The Newsroom Criticism: A Fan Responds
Rolling Stone's resident pop culture guru, Rob Sheffield, calls The Newsroom "the best bad show on TV." (Read his argument in the latest issue of Rolling Stone.) I disagree. I don't think it's a bad show. It is not consummately terrific, but none of Aaron Sorkin's series were right out of the gate.
Let's remember: The West Wing wasn't out of this world incredible in every single moment of every single episode in season one. (We'll use The West Wing as a comparison because many argue it is Sorkin's best series.) It took a while for The West Wing to find its footing. (Remember Mandy?) I periodically re-watch my favorite series, and right now I'm re-watching The West Wing. I'm about eight episodes in, and while I love the series, as I watch each episode this time around, I'm watching it while thinking about some of the criticism hurled at Sorkin for The Newsroom.
I think much of the criticism is unfair, holding Sorkin up to an impossibly high standard, and it is also immediate. When The West Wing first aired, Twitter wasn't around. Neither was Facebook. Blogs were just starting to break through. You didn't have websites dedicated exclusively to breaking down every single moment in every single episode in almost real time. Hardly anything, especially anything with already unreal expectations, can hold up under that kind of scrutiny.
(Do you think Vince Gilligan, for example, will be treated to such scrutiny with his next project? Breaking Bad is his The West Wing, and it's (unfortunately) almost over. What about Matthew Weiner?)
When we look back on The West Wing now, we remember it fondly because we remember it as a whole (well, the Sorkin seasons, anyway). Yet many, including myself, point to the second season as the show's best. (You start off with "In the Shadow of Two Gunmen, Parts 1 and 2," and then you have my three favorite episodes, "The Stackhouse Filibuster," "17 People" and "Bad Moon Rising." Oh, and "Noel"? Brilliant!)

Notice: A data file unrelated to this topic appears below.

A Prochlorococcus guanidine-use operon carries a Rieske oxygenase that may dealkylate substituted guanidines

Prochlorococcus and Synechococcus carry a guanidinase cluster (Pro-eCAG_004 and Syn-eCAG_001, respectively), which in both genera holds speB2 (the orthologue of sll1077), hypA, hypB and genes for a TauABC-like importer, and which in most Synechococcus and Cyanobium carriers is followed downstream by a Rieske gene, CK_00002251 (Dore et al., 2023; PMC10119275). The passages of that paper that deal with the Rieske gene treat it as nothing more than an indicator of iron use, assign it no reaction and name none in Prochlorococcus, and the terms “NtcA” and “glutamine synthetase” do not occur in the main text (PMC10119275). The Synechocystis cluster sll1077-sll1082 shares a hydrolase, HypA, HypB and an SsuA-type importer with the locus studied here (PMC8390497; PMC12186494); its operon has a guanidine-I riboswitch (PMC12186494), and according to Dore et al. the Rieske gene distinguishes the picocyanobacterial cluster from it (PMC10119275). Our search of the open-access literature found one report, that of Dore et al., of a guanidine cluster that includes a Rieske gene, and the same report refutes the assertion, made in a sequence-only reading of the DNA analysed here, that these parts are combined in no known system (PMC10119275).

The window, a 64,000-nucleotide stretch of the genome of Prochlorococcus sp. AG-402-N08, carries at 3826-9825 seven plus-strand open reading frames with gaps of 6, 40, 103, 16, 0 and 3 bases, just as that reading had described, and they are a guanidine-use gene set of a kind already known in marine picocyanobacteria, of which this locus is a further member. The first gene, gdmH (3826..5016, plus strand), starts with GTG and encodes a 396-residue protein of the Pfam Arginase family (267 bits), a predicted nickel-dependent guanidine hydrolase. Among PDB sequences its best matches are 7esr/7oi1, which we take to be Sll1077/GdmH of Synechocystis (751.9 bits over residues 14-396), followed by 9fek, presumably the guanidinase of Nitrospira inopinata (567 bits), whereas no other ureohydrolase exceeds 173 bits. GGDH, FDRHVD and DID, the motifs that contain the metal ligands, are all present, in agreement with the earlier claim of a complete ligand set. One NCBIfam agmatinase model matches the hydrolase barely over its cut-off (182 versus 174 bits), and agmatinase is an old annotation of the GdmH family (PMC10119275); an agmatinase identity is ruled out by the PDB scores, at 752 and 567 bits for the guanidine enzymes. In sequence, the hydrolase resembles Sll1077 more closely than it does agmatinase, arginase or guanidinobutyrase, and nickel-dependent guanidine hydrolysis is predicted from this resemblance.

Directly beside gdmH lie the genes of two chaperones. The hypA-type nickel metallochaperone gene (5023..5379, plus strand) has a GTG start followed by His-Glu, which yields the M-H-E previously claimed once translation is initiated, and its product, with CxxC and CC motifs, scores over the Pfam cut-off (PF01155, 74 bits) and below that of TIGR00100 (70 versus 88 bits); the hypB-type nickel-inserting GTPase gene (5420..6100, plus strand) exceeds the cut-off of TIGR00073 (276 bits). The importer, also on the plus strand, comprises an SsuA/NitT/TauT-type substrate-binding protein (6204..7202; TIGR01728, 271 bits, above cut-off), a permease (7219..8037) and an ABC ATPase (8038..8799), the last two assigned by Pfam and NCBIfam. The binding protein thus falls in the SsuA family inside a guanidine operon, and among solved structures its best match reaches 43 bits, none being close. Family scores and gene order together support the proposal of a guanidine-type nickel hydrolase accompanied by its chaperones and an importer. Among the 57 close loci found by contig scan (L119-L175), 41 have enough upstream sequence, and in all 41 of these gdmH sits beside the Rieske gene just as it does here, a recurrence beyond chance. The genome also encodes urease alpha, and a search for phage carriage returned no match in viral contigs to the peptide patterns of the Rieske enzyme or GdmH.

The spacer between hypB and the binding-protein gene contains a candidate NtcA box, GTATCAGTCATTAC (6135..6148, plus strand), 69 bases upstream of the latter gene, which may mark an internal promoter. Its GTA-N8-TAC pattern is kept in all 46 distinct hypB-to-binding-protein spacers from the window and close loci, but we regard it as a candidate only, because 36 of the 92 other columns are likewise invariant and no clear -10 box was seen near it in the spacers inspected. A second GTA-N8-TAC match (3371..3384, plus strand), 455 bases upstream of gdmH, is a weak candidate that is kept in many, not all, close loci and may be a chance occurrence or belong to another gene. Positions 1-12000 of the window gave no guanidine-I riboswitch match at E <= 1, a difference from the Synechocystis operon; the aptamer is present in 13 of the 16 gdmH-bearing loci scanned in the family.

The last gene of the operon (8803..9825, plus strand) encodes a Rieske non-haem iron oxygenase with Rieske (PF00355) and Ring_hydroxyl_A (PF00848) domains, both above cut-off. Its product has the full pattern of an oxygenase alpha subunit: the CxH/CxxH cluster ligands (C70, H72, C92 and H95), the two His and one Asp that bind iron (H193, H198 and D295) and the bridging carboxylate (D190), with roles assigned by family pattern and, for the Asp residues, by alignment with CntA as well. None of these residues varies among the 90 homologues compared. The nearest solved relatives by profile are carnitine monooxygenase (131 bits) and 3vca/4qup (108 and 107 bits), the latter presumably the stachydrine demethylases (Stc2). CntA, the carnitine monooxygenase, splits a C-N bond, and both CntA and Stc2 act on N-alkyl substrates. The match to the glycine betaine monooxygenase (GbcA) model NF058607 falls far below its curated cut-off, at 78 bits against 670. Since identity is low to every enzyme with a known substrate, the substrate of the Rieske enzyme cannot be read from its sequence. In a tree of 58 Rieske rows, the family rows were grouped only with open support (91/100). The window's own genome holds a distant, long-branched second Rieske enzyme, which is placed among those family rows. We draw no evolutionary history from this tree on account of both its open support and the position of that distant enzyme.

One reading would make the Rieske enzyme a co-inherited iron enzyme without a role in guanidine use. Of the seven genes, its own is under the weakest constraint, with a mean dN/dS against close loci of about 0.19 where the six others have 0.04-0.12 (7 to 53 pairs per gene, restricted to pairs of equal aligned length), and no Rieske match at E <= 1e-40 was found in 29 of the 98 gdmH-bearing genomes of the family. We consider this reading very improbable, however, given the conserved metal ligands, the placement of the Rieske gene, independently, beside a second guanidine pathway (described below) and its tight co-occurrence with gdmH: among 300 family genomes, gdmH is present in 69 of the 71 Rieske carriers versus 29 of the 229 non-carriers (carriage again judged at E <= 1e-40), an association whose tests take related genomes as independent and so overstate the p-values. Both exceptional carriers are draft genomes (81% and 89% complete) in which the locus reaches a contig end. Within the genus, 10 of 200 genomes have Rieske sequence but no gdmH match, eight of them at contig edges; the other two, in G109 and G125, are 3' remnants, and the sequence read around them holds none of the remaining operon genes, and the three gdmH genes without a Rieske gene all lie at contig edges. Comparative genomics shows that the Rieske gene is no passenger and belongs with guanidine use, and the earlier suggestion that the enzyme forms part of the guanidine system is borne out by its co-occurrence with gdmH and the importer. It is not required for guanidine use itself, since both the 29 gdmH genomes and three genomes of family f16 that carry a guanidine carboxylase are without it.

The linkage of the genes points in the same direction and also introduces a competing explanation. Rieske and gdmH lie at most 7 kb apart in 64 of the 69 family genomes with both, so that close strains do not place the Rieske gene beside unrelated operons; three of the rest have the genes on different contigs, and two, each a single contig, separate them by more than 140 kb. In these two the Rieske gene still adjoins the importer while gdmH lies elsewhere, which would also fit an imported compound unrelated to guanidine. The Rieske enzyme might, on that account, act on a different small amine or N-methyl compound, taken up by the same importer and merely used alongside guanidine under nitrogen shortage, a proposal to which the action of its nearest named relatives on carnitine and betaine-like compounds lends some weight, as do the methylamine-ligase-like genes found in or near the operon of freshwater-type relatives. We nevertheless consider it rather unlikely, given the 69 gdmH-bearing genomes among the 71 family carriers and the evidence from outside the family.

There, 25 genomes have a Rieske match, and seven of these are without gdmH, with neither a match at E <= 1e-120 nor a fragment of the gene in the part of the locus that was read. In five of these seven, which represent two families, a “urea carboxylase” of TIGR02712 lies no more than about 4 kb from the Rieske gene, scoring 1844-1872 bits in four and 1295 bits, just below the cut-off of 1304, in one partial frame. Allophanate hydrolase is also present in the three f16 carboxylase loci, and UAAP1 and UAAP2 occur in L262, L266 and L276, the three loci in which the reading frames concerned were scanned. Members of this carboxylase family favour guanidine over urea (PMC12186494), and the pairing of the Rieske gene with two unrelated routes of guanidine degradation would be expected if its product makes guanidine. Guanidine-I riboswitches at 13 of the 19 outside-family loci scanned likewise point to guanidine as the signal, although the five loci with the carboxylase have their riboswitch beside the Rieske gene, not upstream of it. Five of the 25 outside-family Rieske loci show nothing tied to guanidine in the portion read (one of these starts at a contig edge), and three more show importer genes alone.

You could say that because The Newsroom is in its second season it should therefore be up to snuff. But The West Wing's first season had 22 episodes; The Newsroom's first season had 10. 12 extra episodes means 12 more hours to tell a story; 12 more opportunities to work out the kinks; 12 more chances to delve into the characters and their lives.
So cut the guy some slack, OK? Yes, even as a Sorkin acolyte I can admit that the first season was uneven; some moments were even eye-roll inducing. And the second season isn't perfect but it's heading in a different direction and it shows growth. But think about what you love about The West Wing (or Sports Night or even Studio 60, for that matter). You love the Sorkinese, that beautiful musicality to his writing. You love that these are smart people who love their jobs, who are good at their jobs (even though they sometimes make mistakes - what, are you infallible?) and who fumble just about everything else. You love the way the tension breaks with some throwback, screwball comedy moment of physical comedy (like Mackenzie hitting the trash bins in "One Step Too Many"). All of that's there in The Newsroom. Watch the whole season. Take a step back. Then tell us what you think.
A final thought: I wonder if the people complaining about Will McAvoy's penchant for preaching are upset because they simply don't have respect for news anchors. President Bartlet did his fair share of speechifying and Leo and Josh and Toby and Sam and even CJ were often self-righteous. Did we allow this because we think being in power is more noble than speaking truth to power? Investigative journalists and other members of the press are an important part of our republic. They don't all get it right, and we should be up in arms when that happens. We should be criticizing the people bringing us the news, not a fiction writer's romantic fantasy about what's possible.